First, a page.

Prompts for the Promptless Season Three, Episode Three: An amphigory is a piece of nonsensical writing in verse or, less commonly, prose. It often parodies a serious piece of writing.
How To Write a Poem In Ten Easy Steps
1. Get inspired by something. It doesn’t have to be anything amazing. In fact it can be as inconsequential as a dust bunny under your bed or a flat tire. Good poetry comes out of nowhere.
2. Read poetry by other people, listen to song lyrics and attend poetry readings. Inwardly scoff. Then steal lines or phrases or words from several different sources and arrange them randomly on a page. No matter what your topic, this will form an excellent base for your own poem.
3. Think about what message you want to convey to your readers. Absolutely do not make it easy for them to figure this out. Great poetry is always totally confusing.
4. Choose a style – limerick, sonnet, ballad, villanelle, sestina, haiku – there are hundreds to choose from. Or you can make up a style of your own. Be sure to give it some fancy sounding name. It might catch on, you never know. If all else fails, free verse is pretty easy and has the fewest annoying rules.
5. Look up some big interesting sounding words, especially ones with obscure meanings which are difficult to pronounce. The thesaurus is a poets best friend.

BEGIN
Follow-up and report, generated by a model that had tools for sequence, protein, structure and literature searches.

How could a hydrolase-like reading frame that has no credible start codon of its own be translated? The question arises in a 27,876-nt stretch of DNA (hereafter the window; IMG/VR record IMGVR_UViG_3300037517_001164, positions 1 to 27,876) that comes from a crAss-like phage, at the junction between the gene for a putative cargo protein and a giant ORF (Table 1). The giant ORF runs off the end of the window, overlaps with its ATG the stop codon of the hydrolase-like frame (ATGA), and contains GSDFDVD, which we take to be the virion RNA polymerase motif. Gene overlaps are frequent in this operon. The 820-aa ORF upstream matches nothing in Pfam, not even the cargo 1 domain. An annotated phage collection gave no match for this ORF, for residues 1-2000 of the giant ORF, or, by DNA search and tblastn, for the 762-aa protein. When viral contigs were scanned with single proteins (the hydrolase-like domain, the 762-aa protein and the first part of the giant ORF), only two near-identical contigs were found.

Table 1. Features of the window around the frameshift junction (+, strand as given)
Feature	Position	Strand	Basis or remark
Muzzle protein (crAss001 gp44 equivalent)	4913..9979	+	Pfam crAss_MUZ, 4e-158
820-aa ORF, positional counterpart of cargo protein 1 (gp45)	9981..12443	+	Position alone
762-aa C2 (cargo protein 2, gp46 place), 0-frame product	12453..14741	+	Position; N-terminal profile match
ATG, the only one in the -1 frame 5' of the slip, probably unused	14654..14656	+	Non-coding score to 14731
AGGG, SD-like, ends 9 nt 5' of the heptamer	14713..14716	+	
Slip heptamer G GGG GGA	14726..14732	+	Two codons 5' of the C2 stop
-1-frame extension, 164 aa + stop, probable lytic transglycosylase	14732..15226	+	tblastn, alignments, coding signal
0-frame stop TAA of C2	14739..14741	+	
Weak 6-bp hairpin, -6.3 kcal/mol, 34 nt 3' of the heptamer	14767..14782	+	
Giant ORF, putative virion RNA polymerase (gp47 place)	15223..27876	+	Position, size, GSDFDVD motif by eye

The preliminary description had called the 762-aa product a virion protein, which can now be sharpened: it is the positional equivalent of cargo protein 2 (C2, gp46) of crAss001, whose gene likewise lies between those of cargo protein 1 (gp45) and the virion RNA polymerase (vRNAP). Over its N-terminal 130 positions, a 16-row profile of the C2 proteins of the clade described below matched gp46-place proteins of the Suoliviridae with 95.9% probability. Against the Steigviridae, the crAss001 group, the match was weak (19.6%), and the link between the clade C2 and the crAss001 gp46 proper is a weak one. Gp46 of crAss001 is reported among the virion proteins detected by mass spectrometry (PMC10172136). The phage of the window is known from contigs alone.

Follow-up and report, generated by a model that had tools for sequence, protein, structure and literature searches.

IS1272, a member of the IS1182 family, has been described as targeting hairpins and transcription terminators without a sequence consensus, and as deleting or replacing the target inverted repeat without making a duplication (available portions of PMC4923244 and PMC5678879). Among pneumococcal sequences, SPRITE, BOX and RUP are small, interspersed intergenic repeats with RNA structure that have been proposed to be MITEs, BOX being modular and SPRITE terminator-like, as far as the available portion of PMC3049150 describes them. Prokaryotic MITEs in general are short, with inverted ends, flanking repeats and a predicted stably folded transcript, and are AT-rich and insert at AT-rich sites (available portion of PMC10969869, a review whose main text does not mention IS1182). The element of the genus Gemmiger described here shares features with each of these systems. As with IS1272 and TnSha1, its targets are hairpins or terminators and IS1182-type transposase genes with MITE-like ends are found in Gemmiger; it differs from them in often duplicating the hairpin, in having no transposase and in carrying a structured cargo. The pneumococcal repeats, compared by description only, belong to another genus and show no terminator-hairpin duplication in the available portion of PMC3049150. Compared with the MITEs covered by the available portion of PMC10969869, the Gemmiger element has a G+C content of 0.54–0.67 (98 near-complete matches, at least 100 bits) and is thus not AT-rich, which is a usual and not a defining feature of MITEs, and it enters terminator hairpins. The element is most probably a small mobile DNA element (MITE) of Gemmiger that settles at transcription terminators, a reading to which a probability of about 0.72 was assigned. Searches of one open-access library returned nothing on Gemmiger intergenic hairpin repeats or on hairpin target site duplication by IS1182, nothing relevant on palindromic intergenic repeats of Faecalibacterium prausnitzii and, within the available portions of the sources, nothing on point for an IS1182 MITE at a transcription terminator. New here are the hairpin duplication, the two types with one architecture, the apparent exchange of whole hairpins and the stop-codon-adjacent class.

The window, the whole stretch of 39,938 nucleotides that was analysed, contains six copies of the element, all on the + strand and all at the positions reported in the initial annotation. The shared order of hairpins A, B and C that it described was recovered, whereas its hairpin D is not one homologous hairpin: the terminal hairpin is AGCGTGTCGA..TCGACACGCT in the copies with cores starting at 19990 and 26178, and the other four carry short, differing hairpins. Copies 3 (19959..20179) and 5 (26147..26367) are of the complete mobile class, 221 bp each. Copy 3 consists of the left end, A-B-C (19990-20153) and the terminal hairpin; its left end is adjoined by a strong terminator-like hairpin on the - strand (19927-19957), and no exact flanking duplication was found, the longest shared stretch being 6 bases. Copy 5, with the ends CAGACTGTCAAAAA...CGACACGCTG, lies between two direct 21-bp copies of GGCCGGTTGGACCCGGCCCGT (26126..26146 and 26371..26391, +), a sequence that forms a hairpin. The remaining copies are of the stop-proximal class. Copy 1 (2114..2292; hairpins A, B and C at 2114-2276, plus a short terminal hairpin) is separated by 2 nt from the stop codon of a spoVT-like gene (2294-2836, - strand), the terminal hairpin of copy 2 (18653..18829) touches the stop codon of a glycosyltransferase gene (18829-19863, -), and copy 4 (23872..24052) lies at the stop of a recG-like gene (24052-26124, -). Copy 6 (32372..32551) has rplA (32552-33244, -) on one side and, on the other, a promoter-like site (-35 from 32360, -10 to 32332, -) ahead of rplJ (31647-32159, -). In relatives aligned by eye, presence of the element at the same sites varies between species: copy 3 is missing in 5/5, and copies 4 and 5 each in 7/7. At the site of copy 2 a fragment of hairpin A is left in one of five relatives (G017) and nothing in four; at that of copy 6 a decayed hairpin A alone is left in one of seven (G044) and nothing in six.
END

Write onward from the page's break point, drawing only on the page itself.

6. Build a strong structure with your words, sort of like building a tower of blocks in all different sizes and shapes. There should be rhythm and flow. Or a big pile of rubble. It is totally your choice.
7. Use imagery and vivid description which appeals to the senses. Enhance the crap out of everything. A fire doesn’t just burn, it blazes with monster flames and crackles and spits and shoots sparks into the stratosphere. Everything in poetry should always be super emotional and intense.
8. Try to make a few things rhyme here and there, just to show you put a bit of effort into the whole thing. Pick easy words for this like boy, toy, and Illinois.
9. Have a punch line. Poetically speaking, this is better known as a powerful ending. Go out in a blaze of glory. But never attempt to explain what your poem actually means. Refer to step three. Give your reader something to scratch his head over once he’s plowed his way through to the end.
10. Share your work. Read it out loud with a ton of emotion. Set it to music. Join an on-line poetry group and ask for suggestions. If others are critical, inwardly scoff. Refuse to edit, and never apologize.
Each of us has a way of putting language together that is ours alone. So seriously, how hard can this be? Go ahead and write your poetic little heart out. I hope you find these ten steps helpful. If not, as a last resort before tossing out your work, try giving it to your mom. Critics be damned, she will love it unconditionally, simply because it’s yours.